Q&A: Poached Eggs
Q: What is the proper technique for poaching eggs?
A: Poaching an egg involves slipping a shelled egg into barely simmering water and gently cooking it until the egg holds its shape.(1) These delicate eggs form the foundation of many popular dishes such as Eggs Benedict or Florentine, but many people are intimidated by the thought of poaching an egg at home. The truth is that it's actually quite easy to do if you know the proper technique.
Here are the keys to making the perfect poached eggs:
- Make sure that you have plenty of water in the pan (at least 3 inches deep) so that the eggs are completely submerged and don't stick to the bottom of the pot
- Get the water to the right temperature. It should be at a gentle simmer (185-200 degrees F), which is just below boiling. If the water is too hot and is boiling rapidly, the eggs will become tough.
- Use fresh eggs. The fresher the egg, the more centered the yolk will be and the less likely it is that the whites will spread out and become ragged
- Add a small amount of acid (usually vinegar or lemon juice) to the water. Generally, about 1 tablespoon of acid should be used for every ½ gallon of water. It helps the egg whites hold their shape so that you don't end up with ribbons of egg white floating throughout your poaching liquid.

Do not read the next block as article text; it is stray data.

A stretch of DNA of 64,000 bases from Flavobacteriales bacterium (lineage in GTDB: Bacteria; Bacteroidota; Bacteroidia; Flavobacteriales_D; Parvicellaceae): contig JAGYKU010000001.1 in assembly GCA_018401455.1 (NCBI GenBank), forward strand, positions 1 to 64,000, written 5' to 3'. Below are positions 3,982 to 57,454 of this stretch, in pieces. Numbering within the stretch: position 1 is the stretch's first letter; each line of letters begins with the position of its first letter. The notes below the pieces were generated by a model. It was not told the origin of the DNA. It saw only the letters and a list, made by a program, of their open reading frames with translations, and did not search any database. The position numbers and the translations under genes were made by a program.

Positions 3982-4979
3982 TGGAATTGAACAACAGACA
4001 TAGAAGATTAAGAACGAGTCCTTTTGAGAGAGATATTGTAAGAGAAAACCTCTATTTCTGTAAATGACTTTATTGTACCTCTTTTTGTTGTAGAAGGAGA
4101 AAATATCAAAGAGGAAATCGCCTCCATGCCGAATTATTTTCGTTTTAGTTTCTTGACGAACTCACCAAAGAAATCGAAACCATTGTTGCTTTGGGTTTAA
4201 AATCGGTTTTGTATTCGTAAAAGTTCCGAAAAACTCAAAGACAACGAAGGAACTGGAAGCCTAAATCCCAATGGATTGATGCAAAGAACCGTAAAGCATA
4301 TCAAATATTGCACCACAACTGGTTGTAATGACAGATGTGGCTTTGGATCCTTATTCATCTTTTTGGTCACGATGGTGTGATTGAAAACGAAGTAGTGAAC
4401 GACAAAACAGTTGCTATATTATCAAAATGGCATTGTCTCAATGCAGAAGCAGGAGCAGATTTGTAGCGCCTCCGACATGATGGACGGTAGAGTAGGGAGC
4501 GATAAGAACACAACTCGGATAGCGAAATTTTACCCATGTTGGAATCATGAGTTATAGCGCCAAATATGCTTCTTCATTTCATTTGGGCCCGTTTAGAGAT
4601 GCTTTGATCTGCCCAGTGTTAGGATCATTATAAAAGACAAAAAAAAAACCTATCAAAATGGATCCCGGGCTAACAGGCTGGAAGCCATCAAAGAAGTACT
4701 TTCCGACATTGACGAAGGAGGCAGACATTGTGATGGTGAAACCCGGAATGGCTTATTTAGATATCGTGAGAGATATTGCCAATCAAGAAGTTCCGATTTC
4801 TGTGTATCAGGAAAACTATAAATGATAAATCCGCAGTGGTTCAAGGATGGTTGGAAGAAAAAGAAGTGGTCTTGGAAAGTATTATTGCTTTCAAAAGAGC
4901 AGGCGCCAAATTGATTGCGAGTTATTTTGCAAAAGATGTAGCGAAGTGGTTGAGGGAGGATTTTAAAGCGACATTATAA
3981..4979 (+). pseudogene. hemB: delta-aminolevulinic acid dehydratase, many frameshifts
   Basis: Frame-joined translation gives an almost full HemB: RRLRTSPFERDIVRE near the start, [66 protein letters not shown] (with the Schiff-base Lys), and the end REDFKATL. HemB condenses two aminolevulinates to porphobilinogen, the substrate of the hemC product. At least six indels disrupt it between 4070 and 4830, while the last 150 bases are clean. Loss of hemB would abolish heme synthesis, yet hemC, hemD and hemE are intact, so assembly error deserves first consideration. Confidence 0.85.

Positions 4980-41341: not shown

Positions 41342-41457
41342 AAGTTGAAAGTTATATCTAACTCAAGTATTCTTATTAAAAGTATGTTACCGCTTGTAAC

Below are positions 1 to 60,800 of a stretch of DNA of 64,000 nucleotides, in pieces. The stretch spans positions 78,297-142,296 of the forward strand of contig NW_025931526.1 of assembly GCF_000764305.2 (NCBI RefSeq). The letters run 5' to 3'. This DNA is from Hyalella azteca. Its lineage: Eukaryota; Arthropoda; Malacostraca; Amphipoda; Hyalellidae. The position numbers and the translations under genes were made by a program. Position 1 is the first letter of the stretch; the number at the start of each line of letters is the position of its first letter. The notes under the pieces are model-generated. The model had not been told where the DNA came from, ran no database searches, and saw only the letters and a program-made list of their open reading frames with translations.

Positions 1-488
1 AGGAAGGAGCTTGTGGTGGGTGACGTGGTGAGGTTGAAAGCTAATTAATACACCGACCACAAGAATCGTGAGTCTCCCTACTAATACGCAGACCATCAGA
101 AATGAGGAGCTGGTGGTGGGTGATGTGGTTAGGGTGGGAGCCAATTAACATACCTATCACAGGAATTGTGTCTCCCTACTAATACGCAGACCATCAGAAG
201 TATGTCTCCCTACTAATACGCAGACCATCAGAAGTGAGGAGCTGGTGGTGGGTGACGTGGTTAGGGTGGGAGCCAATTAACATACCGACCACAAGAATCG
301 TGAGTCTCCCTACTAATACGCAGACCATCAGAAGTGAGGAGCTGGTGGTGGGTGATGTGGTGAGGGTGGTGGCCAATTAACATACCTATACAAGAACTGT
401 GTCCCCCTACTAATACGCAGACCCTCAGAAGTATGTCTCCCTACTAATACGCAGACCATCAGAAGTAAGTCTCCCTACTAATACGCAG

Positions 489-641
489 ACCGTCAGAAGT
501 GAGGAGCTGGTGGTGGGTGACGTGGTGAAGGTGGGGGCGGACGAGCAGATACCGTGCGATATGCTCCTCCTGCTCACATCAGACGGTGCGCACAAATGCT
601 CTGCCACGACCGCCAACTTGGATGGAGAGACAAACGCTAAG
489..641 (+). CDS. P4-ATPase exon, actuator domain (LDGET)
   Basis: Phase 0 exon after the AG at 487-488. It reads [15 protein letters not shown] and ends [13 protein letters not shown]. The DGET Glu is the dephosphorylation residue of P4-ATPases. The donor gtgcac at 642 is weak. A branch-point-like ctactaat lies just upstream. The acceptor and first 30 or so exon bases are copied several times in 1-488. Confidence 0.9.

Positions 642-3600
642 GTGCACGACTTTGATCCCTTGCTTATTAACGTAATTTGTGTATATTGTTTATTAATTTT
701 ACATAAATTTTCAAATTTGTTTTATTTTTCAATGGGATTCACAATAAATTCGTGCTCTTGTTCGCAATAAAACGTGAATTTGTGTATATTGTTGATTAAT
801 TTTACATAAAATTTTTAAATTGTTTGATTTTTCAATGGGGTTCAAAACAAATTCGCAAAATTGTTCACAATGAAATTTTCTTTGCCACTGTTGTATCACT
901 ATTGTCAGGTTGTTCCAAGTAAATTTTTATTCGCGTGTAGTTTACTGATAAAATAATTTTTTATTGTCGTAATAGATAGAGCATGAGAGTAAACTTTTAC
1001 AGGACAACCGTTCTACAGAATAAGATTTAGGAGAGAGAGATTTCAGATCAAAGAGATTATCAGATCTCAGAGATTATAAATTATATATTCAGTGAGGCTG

1. Fill a wide pan or pot with water to a depth of at least 3 inches. Add the vinegar and a small amount of salt (about 1 ½ teaspoons salt per ½ gallon of water). Bring the water to a gentle simmer- you should see small bubbles periodically rise to the surface.
2. Crack the eggs into individual ramekins or cups.
3. Gently pour the eggs from the cups into the poaching liquid. The eggs will drop to the bottom of the pot then rise to the surface.
4. Poach the eggs for 3-4 minutes. A properly poached egg should have a fully coagulated egg white with a yolk that's partially set (slightly thickened but still flowing).
5. Remove the eggs with a slotted spoon and blot on a paper towel to remove any excess water. Trim the edges with a knife if they're ragged. Serve hot eggs on toast or as desired.
So now that you know the proper technique, get cracking!
(1) The Culinary Institiute of America. The Professional Chef, 8th Edition. New Jersey: John Wiley & Sons Inc., 2006.
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